2. Deep Practice: It’s important that when you spend time with the music that’s it quality or meaningful time.  Don’t just sing through what you can already sing well.  Focus on those areas that you’re having trouble with.  Use the “divide and conquer” along with “repetition” methods to master what you can’t yet do.  This requires focus, persistence, dedication, and energy, but there’s no greater feeling that mastering that which you couldn’t previously do.  It’s worth the work – trust us!  
    3. Engage beyond the notes: For those of you who may have your notes and rhythms very solid, start engaging with the music beyond what’s on the page.  Spend time with the text alone, practicing it in rhythm until you find where the natural word stress lies.  Find a way to connect with the deeper meaning of the piece.  Practice singing in front of a mirror and see if your face tells the story that you want it to.  There’s quite a bit of ‘music’ in the songs that we have that we haven’t even begun to touch yet in rehearsal.  But that doesn’t mean you can’t engage with it when you practice.  You are all intelligent, capable musicians – surprise (and delight!) us next rehearsal by coming prepared to show us how you’ve already dug into the next level of music in these pieces.  
    4. Respect and commitment go hand-in-hand: Respect of the music, your peers, and your teachers.  We have a few rules in Ensemble rehearsals; they are simple and easy to follow. I would like to see that we have a 100% of these rules respected at every weekly rehearsal:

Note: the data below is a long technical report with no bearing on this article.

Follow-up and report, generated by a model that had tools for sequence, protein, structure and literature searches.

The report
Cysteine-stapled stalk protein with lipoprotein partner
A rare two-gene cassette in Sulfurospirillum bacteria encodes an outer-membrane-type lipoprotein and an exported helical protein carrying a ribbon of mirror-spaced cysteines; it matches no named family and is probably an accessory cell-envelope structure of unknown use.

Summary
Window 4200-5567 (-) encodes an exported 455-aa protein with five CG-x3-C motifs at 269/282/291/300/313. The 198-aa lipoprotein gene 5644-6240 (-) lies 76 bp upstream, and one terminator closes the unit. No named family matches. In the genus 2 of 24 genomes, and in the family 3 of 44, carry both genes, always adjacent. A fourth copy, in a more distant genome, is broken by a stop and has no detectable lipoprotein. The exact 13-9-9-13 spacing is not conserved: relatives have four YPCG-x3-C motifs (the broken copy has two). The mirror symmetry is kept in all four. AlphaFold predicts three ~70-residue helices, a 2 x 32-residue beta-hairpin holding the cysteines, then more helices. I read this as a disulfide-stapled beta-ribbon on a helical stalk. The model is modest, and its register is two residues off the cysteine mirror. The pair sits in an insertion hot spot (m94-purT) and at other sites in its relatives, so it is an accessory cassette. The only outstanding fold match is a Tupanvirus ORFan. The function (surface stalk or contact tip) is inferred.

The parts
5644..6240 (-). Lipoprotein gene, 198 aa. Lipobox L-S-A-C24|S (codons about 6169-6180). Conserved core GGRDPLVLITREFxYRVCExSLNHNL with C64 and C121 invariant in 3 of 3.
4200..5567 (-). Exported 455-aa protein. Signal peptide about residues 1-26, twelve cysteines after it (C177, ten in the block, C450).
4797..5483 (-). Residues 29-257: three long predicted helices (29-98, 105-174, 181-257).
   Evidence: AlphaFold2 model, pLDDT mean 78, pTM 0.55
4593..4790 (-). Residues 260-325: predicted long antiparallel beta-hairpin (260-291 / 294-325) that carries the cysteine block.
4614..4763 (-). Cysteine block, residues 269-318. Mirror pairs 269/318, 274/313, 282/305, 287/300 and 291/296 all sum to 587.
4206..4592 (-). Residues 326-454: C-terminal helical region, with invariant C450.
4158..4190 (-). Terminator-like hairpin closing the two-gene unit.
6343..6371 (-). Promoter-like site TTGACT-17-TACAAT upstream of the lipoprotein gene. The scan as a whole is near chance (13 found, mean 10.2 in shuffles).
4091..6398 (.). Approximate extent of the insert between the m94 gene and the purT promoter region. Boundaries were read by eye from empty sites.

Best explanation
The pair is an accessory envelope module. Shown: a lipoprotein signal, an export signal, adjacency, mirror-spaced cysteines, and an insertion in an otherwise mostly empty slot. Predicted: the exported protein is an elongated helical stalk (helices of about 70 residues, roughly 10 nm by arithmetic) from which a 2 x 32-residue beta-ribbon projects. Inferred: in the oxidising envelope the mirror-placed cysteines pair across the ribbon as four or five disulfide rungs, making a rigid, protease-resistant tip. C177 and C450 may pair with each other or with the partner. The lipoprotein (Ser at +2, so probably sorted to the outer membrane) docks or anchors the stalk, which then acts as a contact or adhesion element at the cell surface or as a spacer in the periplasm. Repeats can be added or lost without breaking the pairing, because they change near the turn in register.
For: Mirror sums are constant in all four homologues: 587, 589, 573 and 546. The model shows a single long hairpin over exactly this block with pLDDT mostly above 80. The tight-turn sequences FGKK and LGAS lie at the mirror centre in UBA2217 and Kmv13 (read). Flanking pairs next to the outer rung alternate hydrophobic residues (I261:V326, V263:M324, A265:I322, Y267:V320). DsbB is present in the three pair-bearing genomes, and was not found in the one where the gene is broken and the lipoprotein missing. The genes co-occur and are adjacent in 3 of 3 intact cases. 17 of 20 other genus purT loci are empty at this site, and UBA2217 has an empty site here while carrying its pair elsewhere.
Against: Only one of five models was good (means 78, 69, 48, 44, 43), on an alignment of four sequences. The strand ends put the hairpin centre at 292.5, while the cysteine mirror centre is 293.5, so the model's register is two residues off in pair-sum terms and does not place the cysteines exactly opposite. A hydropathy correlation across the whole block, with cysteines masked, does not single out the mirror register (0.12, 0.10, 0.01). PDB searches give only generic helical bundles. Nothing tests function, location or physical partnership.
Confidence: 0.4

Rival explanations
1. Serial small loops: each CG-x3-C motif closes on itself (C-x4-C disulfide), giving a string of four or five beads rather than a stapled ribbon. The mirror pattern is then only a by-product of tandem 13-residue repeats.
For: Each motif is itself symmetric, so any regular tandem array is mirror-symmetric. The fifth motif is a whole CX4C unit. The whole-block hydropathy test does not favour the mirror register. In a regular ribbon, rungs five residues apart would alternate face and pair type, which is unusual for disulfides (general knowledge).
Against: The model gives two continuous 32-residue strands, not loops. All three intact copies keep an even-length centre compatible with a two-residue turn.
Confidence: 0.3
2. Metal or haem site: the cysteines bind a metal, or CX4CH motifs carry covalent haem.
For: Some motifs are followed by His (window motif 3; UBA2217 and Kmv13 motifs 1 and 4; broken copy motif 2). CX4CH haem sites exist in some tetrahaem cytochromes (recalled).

1. Be 5 min early to class
      2. Bring folder, mat, water bottle, pencil
      3. Complete and turn in your practice log and musicianship assignment
        We will continue to recognize students who turn in their practice logs every week!  Be sure to put your name on them!
    5. NEW: Honestly and fully engage in the task at hand.  Whether it’s a funny warm up, or a change of standing position, or an instruction during rehearsal, you must be willing to completely engage yourself in what’s being requested of you.  Otherwise, why make music together!


The Wind, Rich Campbell

You will be singing this song on your own at the All Choir Concert this Spring.

  • Altos – you must practice the transitions between phases this week.  Use the ‘repetition’ method to practice singing the end of one phrase, then just singing the starting note of the next.  For example, sing “things you did” (m.40), then find your next note (F#) and sing just that note.  Make sure you leave space between the final note of one phrase before you sing the starting note of the next.  Practice that transition over and over until you can’t get it wrong.  Then go onto the next transition (i.e. m.44) and practice the transition between those two phrases.  You must focus on these transitions in order to be able to sing your part effectively next rehearsal!  
  • Remember your “accents baby” every time the chorus comes around.  Use your fingers (or better yet, your whole body) to give those sections some life!
  • Lyrical diction: when you practice make sure your vowels are nice and tall.  Use your vertical hand pointing up then forward to remind you on words like “a-round”.  This also applies on words such as “skirts” (“skeh” instead of “skur”), “did”, “sky” etc.